A Derry man who was the victim of institutional abuse has praised the Bishop of Derry after he embraced him during emotional scenes in the city yesterday.
The Bishop, Dr Donal McKeown, delivered a homily during two services over the weekend at Eugene’s Cathedral and Long Tower, where he addressed the final report into the findings of Historical Institutional Abuse Inquiry (HIA), which was set up in 2013 to look at historical abuse claims at homes throughout Northern Ireland
These included former children’s residential homes in Derry at St Joseph’s Home at Termonbacca, the Sisters of Nazareth’s children’s home at Bishop Street, Fort James and Harberton House.
The inquiry also dealt with institutions run by the Good Shepherd Sisters in Derry, Belfast and Newry.
The 2,300-page report was published at an event in Belfast on Friday morning.
In the wake of the publication, Bishop McKeown told Mass goers that the ‘focus has to be on accepting the pain and loss suffered by those who, through no fault of their own, were scarred for life by the way they were treated and let down’.
He added: “Children have a right to be treated with respect and love. Children who come from already difficult situations have a right to especial care and attention, and particularly when they come to those who say they follow the Jesus of today’s Gospel.”
After delivering the homily, Bishop McKeown then embraced Jon McCourt, a Derry man who spent ten years at St Joseph’s Home in Termonbacca which was run by the sisters of Nazareth.
Mr McCourt, who is now part of the North West Survivors Group, was only three when he placed in the home.
He had no idea that his two brothers were also placed in the same facility, as they were in different sections of the home.
Speaking to the Derry News yesterday, Mr McCourt praised the Bishop for his actions.
“I think it was the right thing to do,” he said, “particularly after the comments made by Archbishop Eamon Martin after the report on Friday.”
“I think the Bishop, in saying what he did, localised the issue, and brought home to many people what so many have suffered over so many years.”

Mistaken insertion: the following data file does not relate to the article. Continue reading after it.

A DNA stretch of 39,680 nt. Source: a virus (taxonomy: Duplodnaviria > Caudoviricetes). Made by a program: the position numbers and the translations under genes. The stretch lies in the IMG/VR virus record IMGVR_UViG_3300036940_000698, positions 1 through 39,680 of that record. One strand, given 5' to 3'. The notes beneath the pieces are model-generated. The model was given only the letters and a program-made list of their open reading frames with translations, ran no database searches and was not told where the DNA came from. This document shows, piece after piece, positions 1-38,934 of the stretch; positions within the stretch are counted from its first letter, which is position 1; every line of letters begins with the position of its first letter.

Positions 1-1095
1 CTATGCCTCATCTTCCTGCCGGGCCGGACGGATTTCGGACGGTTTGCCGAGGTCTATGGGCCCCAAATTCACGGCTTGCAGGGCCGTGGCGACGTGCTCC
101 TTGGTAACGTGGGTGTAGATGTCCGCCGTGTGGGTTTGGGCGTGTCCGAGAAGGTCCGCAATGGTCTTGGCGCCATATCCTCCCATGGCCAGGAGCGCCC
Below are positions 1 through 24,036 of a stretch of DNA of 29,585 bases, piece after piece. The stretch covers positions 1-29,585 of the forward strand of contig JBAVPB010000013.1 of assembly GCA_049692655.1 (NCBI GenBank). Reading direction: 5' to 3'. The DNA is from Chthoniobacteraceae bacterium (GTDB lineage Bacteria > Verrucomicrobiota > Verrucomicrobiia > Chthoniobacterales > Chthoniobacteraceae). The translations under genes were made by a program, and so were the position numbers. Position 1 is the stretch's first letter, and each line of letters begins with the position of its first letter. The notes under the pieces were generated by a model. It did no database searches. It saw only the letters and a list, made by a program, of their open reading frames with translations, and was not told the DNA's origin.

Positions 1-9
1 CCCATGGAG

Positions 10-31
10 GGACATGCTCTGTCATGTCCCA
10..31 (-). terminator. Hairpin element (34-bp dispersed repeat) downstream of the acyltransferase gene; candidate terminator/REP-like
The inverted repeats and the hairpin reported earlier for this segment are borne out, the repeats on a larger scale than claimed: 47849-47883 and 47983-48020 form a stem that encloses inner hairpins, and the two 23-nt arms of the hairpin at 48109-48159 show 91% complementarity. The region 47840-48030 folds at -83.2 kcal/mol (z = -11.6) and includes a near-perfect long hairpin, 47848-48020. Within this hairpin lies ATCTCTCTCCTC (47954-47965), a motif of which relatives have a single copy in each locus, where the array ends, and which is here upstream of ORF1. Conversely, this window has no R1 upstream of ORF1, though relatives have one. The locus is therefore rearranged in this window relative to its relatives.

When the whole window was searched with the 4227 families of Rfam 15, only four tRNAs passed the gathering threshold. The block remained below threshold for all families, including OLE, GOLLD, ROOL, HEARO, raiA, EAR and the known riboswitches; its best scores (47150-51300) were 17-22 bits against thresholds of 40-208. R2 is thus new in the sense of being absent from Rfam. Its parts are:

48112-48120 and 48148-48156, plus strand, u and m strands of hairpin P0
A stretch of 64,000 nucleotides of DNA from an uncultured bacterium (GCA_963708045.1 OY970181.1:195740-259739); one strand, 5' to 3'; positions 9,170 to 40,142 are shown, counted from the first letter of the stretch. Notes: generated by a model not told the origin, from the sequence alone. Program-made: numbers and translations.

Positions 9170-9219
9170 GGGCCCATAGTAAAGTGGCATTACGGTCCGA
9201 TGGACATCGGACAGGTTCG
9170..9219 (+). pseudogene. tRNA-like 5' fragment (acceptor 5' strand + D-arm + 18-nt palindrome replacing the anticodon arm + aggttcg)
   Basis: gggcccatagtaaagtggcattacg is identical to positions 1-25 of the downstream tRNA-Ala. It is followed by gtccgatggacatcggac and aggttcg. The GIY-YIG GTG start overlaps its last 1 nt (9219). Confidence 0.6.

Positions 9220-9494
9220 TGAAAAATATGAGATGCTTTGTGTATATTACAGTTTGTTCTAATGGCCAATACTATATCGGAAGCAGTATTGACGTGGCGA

Mr McCourt added that the Bishop’s embrace had also been an emotional experience for him.
“It was, surely, it was a nice gesture from the Bishop, and a public acknowledgement of what we, and many others have been through,” he added.
“I also appreciate that what he said may have made for difficult listening for many of the older generation present, and personally, I was surprised at how strong his words were.”
He continued: “It has been a very difficult process for witnesses, the victims, and also for those people who did admirable work at these institutions.
“The report is now there for everyone to see, and it’s a vindication for all those people who struggled for all those years to get the truth out there.”
Mr McCourt added that the truth must now be followed by justice, but expressed concerns that the collapse of the political institutions in the north may well impact on that process.
“We appreciate that there will be a lot of work to do in getting that up and running again, but we don’t want this to drop off, we want it to be prioritised,” he said.
“And that’s a conversation we need to have. For me, it was never about numbers, but there will need to be a discussion about compensation further down the line.”
The inquiry was chaired by retired High Court judge Anthony Hart.
Speaking on Friday, he said that 493 people engaged with the inquiry ‘in one form or another’ making allegations about 65 institutions.
Mr Hart said: “The largest number of complaints to the HIA related to four homes of the Sisters of Nazareth religious order.”
“In each of the four homes some nuns engaged in physical and emotional abuse against children. Emotional abuse was widespread in all homes."
The publication of the report brings to a conclusion the Inquiry’s investigation into historical institutional abuse.
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